Safety main topic at Farm Bureau pic­nic

Record Observer - - Front Page - By DOUG BISHOP dbishop@kibay­times.com

CENTREVILLE — The Queen Anne’s County Farm Bureau held its an­nual fam­ily pic­nic Wed­nes­day, July 13, at the 4-H Park near Centreville. Many lo­cal elected of­fi­cials were in at­ten­dance, in­clud­ing County Com­mis­sion­ers Jim Mo­ran and Jack Wil­son and 36th-Dis­trict Dels. Steve Arentz and Jay Ja­cobs.

The evening was high­lighted by an ex­tra­or­di­nary meal — roast chicken pre­pared by a team of cooks led

by long­time Farm Bureau mem­ber John Draper and mar­velous home­made side dishes and fam­ily-fa­vorite desserts made by Queen Anne’s County’s “most blessed hands,” as men­tioned in the prayer to open the pic­nic.

For the first time in mem­ory, the QA Miss Farm Bureau and Lit­tle Miss Farm Bureau con­tests were not held as part of the pro­gram. The con­tests were moved the Farm Bureau ban­quet that was held in March. How­ever, new QA Miss Farm Bureau Han­nah Story of Bar­clay and LIt­tle Miss Farm Bureau Caro­line Win­ter­stein, 8, of Sudlersville, were both present, in­tro­duced and spoke briefly.

The Farm Bureau also pre­sented schol­ar­ships. The first went to Luke Sul­tenfuss, who is now at­tend­ing the Univer­sity of Mary­land’s Agri­cul­tural School in Col­lege Park; he was awarded $1,000. Outgoing 2015 QA Miss Farm Bureau Jenell Eck, the reign­ing Miss Mary­land Agri­cul­ture, was awarded a $1,500 schol­ar­ship. Jenell will at­tend Ch­e­sa­peake Col­lege this fall. Both awards were pre­sented by cur­rent QA Farm Bureau Pres­i­dent Tom Jack­son.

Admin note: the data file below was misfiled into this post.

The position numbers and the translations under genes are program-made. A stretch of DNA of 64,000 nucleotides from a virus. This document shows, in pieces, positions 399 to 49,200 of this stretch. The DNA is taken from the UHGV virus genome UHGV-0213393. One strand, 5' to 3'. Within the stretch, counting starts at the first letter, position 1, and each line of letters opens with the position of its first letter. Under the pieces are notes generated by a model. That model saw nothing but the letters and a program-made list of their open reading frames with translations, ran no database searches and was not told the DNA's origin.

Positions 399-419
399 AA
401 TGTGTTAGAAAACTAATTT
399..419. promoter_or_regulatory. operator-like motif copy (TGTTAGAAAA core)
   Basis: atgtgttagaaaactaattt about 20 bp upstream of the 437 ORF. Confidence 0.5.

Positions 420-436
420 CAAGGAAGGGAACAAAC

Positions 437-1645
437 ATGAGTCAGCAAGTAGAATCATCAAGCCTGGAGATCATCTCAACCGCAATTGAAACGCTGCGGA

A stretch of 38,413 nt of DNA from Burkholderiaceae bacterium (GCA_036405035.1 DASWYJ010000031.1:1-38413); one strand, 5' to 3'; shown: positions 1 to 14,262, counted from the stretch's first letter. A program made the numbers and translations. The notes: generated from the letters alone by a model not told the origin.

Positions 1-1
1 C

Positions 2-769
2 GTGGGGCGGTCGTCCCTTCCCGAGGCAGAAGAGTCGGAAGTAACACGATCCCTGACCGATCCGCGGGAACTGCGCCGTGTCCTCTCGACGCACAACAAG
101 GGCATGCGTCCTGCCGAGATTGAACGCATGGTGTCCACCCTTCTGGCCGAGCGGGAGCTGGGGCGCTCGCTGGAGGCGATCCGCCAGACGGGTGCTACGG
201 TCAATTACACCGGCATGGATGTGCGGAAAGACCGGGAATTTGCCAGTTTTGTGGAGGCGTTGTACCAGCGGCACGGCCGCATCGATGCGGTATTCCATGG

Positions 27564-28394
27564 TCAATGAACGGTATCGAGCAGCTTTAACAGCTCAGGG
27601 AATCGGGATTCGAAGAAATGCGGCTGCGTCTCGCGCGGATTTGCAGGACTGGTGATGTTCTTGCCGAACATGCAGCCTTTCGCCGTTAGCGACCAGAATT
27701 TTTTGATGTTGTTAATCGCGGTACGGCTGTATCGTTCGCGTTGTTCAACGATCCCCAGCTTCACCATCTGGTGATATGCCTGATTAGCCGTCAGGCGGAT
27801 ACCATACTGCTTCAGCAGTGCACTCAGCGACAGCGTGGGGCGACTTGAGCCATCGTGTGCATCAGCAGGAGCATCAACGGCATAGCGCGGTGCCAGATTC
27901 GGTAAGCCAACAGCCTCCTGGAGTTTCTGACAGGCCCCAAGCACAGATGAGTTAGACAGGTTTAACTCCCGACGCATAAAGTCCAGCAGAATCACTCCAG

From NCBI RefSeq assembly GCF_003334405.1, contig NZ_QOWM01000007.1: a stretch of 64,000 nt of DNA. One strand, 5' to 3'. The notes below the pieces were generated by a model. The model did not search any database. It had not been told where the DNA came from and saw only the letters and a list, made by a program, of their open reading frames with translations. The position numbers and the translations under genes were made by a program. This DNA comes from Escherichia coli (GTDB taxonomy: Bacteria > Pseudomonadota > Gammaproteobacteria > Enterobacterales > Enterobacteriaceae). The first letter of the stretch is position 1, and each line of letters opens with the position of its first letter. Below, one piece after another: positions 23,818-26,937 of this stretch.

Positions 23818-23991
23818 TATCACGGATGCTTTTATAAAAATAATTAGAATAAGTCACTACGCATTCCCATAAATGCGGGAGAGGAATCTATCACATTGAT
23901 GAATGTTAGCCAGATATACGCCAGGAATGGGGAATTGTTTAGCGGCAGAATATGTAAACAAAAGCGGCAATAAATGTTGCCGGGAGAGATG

Jack­son in­tro­duced Coun­cil of Gov­ern­ments rep­re­sen­ta­tives Ge­orge “Smokey” Sigler, Centreville Town Coun­cil pres­i­dent, and Char­lie Rhodes, Church Hill town com­mis­sioner, who lob­bied in sup­port of chang­ing how county com­mis­sion­ers are elected in Queen Anne’s County. House Bill 1344 put a straw poll (non­bind­ing) ques­tion on the Novem­ber bal­lot seek­ing the opin­ion of county res­i­dents on a pro­posal that res­i­dents from each elec­tion dis­trict vote only on the can­di­date from within their res­i­dency dis­trict rather than vot­ing for all five.

“This is the only way north county res­i­dents can elect a com­mis­sioner who will rep­re­sent the agri­cul­tural in­ter­ests of the ma­jor of the county that lives in north county,” Sigler said.

Rhodes added, “The last time we had an agri­cul­tural com­mis­sioner was when Paul Gun­ther was elected.”

Jack­son spoke briefly about the tragedy of deaths of chil­dren on farms across the na­tion.

He said, “On av­er­age, a child dies in a farm-re­lated ac­ci­dent ev­ery three days in the U.S. Most of these ac­ci­dents are caused by care­less­ness. We take too many risks. Some­thing hap­pens when peo­ple take short­cuts in­stead of think­ing of safety first.”

It was a solemn message he shared with the au­di­ence.

He then in­tro­duced Na­tion­wide In­sur­ance Risk Man­age­ment Coun­selor Ben King who spoke for about 30 min­utes, us­ing slides of ac­ci­dents that could have been pre­vented with proper plan­ning of farm lay­outs. He gave nu­mer­ous ex­am­ples.

King was fol­lowed by Na­tion­wide Agent Buddy Ca­hall who spoke briefly about in­sur­ance op­tions for farm fam­i­lies.

PHOTO BY DOUG BISHOP

From the left, Queen Anne’s County Young Farmer Chairman Alan C. Elks, Farm Bureau schol­ar­ship win­ners Luke Sul­tern­fuss and Jenell Eck, and cur­rent QA County Farm Bureau Pres­i­dent Tom Jack­son. Luke re­ceived $1,000, and Jenell $1,500.

Queen Anne’s County 2016 Miss Farm Bureau Han­nah Story of Bar­clay, left, and QA 2016 Lit­tle Miss Farm Bureau Caro­line Win­ter­stein, 8, of Sudlersville spoke briefly to those in at­ten­dance at the an­nual QA Farm Bureau Pic­nic, Wed­nes­day evening, at the 4-H Park in Centreville.

PHO­TOS BY DOUG BISHOP

From the left, Queen Anne’s County Farm Bureau Pres­i­dent Tom Jack­son, and his son, An­drew, shared some mighty good food at the an­nual Farm Bureau Pic­nic, held at the 4-H Park in Centreville, Wed­nes­day evening, July 13. A good crowd turned out for the pop­u­lar sum­mer­time gath­er­ing.

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